In the fall of 2013, Parliamentary Secretary John Yap hosted a public consultation with citizens and stakeholders to review B.C. liquor policy. Input was gathered online, through stakeholder meetings and submissions, and by email. A final report was submitted to Attorney General, and Minister of Justice, Suzanne Anton in early 2014.
The B.C. Liquor Policy Review made 73 recommendations to modernize B.C.’s liquor laws and bring convenience, choice and selection to consumers. These changes also support B.C.’s liquor manufacturers, along with the tourism and hospitality industry, and private liquor retailers.
Timeframe: September 14 – October 31, 2013
- 4,364 online comments
- 41,195 citizen comment ratings
- 3,587 email submissions
- 4,892 mentions on Twitter
Input leads to action:
As of November 2016, a total of 48 have been implemented, and government is continuing to work on the remaining recommendations.
Highlights from 2017:
- As of January 23, 2017 an updated Liquor Control and Licencing Act and regulation have come into force that will create new opportunities for businesses, increase convenience for consumers, and enhance the Province’s commitment to social responsibility.
- For-profit businesses will be able to apply for Special Event Permits (previously Special Occasion Licences) and accept liability for liquor service at their events.
- Licenced restaurants, bars, manufacturers, and caterers will be able to age and infuse liquor in order to create their own unique craft cocktails.
- All types of B.C. businesses , such as barber shops, salons, book stores, and more, will be able to apply for a
- Hotels and resorts will be able to permit guests to carry unfinished liquor from the hotel bar or restaurant directly to their rooms.
- Hotels and resorts that own a bar will be able to give a complimentary cocktails to guests upon check-in.
Highlights from 2016:
- A minimum price for retail alcohol purchases has been set to help ensure that liquor with very low wholesale prices is not retailed at prices that may encourage abuse or overconsumption.
- Guests at overnight accommodation spots such as a hotel can now order a cocktail through room service 24/7, provided food is also available.
- People can now host hobby brewer and hobby vintner competitions using Special Occasion Licences.
- The Province is supporting increased consumer choice and encouraging the growth of B.C. small businesses by modernizing policy to allow any establishment that sells liquor to provide samples in a socially responsible manner.
- Liquor Licence applications will be processed more efficiently
Highlights from 2015:
- Liquor sales are now allowed in grocery stores using one of two models – wine-on-shelves or store-in-store.
- B.C. small businesses benefitted from removal of the lounge restriction for restaurants which are no longer legally have to have a separate lounge area in order for customers to enjoy a drink if they don’t want food.
- People can now enjoy a signature beverage at a manufacturer’s on-site lounge OR choose from an assortment of other alcohol drinks produced off-site.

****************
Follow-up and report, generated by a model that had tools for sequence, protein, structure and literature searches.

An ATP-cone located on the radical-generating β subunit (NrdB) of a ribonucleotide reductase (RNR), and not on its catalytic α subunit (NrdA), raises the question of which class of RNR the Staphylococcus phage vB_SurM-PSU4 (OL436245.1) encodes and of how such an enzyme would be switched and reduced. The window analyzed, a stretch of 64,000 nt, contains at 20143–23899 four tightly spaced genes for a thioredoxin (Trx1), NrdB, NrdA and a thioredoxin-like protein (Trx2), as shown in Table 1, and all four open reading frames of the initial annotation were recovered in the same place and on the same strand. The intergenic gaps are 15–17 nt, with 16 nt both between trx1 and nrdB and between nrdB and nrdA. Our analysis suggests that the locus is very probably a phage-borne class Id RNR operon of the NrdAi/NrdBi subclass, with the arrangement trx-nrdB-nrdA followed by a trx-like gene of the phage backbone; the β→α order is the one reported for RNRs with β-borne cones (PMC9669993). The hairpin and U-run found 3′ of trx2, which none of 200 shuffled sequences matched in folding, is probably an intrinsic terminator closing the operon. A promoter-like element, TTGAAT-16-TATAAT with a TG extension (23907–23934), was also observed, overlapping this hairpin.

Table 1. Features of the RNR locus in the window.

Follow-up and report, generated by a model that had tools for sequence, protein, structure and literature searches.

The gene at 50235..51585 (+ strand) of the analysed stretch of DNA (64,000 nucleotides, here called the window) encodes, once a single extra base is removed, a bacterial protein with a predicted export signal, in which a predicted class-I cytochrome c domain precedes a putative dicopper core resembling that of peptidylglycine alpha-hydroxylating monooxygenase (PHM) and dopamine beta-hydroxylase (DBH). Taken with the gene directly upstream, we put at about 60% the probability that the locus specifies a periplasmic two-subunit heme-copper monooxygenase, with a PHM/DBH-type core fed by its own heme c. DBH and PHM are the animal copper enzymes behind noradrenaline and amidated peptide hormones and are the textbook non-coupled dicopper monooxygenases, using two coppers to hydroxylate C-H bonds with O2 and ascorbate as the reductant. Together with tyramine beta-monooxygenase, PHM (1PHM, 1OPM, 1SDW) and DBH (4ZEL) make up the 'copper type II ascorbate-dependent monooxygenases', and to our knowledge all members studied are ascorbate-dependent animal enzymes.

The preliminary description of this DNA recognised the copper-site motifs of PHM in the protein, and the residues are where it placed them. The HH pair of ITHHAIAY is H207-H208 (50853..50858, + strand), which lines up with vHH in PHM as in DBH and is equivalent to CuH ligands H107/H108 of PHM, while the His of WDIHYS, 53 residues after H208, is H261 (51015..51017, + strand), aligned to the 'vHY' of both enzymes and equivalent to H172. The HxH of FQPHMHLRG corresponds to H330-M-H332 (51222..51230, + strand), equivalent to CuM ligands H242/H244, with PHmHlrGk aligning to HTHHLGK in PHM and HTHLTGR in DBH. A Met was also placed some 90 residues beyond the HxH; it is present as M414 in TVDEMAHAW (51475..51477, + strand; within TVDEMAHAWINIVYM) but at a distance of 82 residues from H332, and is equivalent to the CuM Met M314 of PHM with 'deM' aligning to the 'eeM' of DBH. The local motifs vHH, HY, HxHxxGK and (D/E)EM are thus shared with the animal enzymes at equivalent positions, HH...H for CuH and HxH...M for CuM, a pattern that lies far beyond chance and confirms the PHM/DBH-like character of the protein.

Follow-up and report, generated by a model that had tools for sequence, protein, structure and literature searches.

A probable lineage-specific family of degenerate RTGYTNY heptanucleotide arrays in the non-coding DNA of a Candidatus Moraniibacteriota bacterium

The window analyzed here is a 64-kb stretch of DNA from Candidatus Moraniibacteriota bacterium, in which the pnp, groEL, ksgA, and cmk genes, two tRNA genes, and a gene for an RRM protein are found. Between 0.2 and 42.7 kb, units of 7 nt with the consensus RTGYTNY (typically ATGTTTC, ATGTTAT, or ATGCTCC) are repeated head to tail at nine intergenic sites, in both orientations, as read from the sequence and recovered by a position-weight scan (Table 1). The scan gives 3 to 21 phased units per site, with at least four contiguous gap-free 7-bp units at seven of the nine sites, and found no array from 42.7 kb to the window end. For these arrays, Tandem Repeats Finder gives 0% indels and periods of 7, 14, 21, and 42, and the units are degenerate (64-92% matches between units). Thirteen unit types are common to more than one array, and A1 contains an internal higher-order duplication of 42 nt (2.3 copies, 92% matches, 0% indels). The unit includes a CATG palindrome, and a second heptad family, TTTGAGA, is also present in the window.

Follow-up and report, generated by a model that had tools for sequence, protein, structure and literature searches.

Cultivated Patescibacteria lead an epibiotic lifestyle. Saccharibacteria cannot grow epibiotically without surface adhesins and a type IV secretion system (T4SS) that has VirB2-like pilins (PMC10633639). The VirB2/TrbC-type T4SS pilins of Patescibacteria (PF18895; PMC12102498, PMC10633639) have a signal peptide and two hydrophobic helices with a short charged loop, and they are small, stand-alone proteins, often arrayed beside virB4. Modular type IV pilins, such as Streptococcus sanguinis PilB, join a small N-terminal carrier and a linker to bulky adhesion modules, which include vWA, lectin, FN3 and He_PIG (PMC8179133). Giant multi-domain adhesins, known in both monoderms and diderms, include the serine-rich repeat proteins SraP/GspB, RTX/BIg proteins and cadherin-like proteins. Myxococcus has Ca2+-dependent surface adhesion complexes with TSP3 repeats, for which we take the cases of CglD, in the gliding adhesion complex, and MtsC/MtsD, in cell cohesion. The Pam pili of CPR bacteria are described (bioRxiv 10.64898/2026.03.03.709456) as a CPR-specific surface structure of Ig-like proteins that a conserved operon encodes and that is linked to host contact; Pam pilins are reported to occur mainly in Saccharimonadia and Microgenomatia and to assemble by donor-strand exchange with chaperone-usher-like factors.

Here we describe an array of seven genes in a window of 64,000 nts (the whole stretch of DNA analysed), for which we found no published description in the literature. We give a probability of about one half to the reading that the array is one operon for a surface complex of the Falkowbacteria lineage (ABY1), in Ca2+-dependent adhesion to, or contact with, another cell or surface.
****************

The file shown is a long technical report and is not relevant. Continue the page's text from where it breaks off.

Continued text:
- Special Occasion Licence applications, used for events such as small weddings, club meetings, church banquets, sports tournaments, music festivals etc., have been moved to a simpler online process.
- B.C. introduced a new wholesale model for liquor purchases – all retail stores in B.C. now pay the same wholesale price for liquor.
- BC Liquor Stores and private retailers are now operating from the same set of rules, allowing for greater transparency and competition, and enabling government stores to offer refrigeration, extended operating hours and Sunday openings.
- Artisan markets have the green light to allow liquor manufacturers to sell their beer, cider, wine and spirits. This builds on the 2014 liquor policy review change allowing B.C. liquor sales at farmers’ markets.
- Craft brewers can now showcase their products at the closest BC Liquor Store – even before they’ve proven themselves in the larger marketplace.
- Craft brewers can grow their business and produce more beer without being worried about a large jump in the amount of mark-up they’ll have to pay if they go over a certain production amount – the mark-up is now gradual.
Highlights from 2014:
- Licensees such as pubs, restaurants and lounges selling drinks by the glass, may alter their liquor prices throughout the course of the day to host “happy hour”.
- Government removed the requirement for fencing around beer gardens at festivals and special events, provided there are no public-safety concerns.
- Customers don’t have to buy food to enjoy a beverage at a food-primary – the overall focus still needs to be on food service, with a full menu offered whenever liquor is being served.
- Customers can now carry their own drinks from one adjoining licensed area to another, such as from a pub to an adjoining restaurant.
- Mixed-spirit drinks are now allowed at Special Occasion Licence (SOL) events, like festivals, as well as at arenas and stadiums.
- More than 350 pubs and legions now allow kids, up until 10 p.m., so that families can have brunch at a local pub or enjoy a meal together.
You can read more about the engagement at: